by Debra Lohe, Director, Reinert Center
Transformative learning necessarily involves change — in knowledge, in perspective, and ultimately, in behavior. Key to this process is the idea of perspective transformation. There are many ways to link course learning to opportunities for students to shift their perspectives, about themselves and about others. Helping students transform their perspectives begins with their ability to recognize differences in viewpoint, as well as to recognize limitations in their own perspectives.
One concrete instructional strategy that can promote changes in perspective is that of using “constructive controversies” (Johnson et al., 2000). Constructive controversies “create opportunities for students to practice managing intellectual differences in a structured manner” (Dannels, 2015). Johnson et al. describe the ideal steps in structuring a constructive controversy for the classroom as follows:
Step 1: Choose an intellectual “conflict” appropriate to the course and the discipline, which has two distinctly different positions. (To the extent possible, choose conflicts or contested arguments authentic to the field/discipline.)
Step 2: Randomly assign students into groups of four, and assign each pair either the “pro” or the “con” side of the conflict.
Step 3: Provide clear instructions on the tasks, which typically include:
- Students research their assigned position (by consulting materials provided by the instructor or discovered by students themselves)
- Each pair prepares and presents a persuasive argument for their assigned position to the other members of their group
- Group members engage in open discussion with the opposite position.
- Then, the pairs reverse positions and present a persuasive argument on behalf of the opposite position.
- Finally, the whole group prepares a final product or presentation that summarizes each side appropriately, synthesizes the points of agreement among all four group members, and/or arrives at a more holistic joint position.
Step 4: Evaluate students’ learning and their group processes/effectiveness.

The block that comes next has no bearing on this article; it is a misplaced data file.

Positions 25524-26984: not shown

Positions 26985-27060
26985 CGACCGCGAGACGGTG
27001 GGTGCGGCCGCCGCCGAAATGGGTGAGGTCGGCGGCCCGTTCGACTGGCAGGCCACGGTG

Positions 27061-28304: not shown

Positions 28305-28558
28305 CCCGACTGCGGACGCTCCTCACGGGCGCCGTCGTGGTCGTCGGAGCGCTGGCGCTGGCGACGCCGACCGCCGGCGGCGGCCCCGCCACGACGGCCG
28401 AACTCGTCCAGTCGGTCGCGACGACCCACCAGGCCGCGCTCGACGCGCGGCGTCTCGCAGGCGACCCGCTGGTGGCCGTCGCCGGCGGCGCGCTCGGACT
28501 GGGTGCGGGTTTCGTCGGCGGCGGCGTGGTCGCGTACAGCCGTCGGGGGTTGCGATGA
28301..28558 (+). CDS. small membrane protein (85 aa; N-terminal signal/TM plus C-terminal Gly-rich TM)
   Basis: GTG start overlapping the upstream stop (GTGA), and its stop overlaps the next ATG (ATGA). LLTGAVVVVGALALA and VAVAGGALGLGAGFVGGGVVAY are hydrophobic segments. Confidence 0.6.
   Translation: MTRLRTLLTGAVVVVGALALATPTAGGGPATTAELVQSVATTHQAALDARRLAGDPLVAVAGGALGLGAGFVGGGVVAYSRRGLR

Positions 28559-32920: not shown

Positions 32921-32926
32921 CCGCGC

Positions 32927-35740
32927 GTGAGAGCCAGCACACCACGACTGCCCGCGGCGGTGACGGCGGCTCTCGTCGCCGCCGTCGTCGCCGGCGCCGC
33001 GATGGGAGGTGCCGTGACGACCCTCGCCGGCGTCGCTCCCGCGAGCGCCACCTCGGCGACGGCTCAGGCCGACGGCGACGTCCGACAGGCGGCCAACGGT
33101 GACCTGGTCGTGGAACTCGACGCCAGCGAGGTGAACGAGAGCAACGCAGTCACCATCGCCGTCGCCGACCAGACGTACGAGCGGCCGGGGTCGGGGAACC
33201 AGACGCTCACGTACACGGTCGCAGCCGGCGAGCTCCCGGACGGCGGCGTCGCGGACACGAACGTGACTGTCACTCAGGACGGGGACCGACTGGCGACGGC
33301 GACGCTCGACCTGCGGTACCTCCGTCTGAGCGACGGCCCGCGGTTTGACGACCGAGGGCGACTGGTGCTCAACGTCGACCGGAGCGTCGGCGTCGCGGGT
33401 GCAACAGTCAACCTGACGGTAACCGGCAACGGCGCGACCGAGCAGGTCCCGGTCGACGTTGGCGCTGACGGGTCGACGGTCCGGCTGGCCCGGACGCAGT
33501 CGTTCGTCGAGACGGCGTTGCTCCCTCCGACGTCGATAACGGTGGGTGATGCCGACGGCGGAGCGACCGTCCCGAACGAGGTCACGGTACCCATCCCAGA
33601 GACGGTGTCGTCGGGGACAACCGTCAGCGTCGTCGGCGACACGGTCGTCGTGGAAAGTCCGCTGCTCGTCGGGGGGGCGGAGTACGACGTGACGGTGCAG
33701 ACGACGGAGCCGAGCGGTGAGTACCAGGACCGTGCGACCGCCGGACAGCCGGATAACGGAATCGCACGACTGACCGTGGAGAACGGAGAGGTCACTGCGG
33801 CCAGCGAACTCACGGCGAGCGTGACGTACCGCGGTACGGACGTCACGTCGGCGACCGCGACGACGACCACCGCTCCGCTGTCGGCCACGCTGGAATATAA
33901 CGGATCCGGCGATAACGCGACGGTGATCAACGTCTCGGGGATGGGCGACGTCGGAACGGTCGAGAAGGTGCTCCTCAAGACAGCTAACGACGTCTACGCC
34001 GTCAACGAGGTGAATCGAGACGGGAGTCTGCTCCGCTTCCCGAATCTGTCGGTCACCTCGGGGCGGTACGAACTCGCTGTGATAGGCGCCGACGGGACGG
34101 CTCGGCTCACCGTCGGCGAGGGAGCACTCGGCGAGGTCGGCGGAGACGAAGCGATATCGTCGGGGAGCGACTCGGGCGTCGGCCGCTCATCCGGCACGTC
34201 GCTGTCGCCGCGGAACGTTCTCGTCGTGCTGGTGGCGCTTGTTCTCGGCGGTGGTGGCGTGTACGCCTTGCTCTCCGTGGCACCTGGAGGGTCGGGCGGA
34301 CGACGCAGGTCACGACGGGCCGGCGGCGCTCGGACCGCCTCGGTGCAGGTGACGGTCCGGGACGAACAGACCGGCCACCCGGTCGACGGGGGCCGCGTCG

This kind of structured process can take place over one or two class meetings or over a longer period of time, depending on the amount of research and discovery needed. It also “provides students a structured and controlled space in which they can practice disagreement and intellectual conflict” (Dannels, 2015). According to research conducted by Johnson et al., the use of constructive controversies can cause students to “reevaluate their attitudes about the issue and incorporate opponents’ arguments into their own attitudes” (i.e., perspective transformation), and studies suggest these changes in attitude are greater, and longer-lasting, than when students simply read about an issue.
Using a process like constructive controversy can help us to show students that the intellectual questions in our disciplines are alive and contested. So often, students see disciplinary content as settled, simply waiting to be memorized. Constructive controversies allow us a space in which to demonstrate how productive intellectual conflicts can be. Finally, this kind of practice also strengthens students’ ability to engage with the conflicts inherent in an unjust world and to encounter others with greater empathy.
What are the controversies in your field that have potential value as “constructive” controversies? What other approaches have you tried to help students inhabit two opposing sides of an issue? Share your thoughts in the comments section on this post.
Dannels, D.K. (2015). 8 Essential Questions Teachers Ask: A Guidebook for Communicating with Students. New York: Oxford U P.
Johnson, D.W., Johnson, R.T., & Tjosvold, D. (2000). “Constructive Controversy: The Value of Intellectual Opposition.” Eds. Morton Deutsch and Peter T. Coleman, The Handbook of Conflict Resolution. San Francisco: Jossey-Bass, 65-85.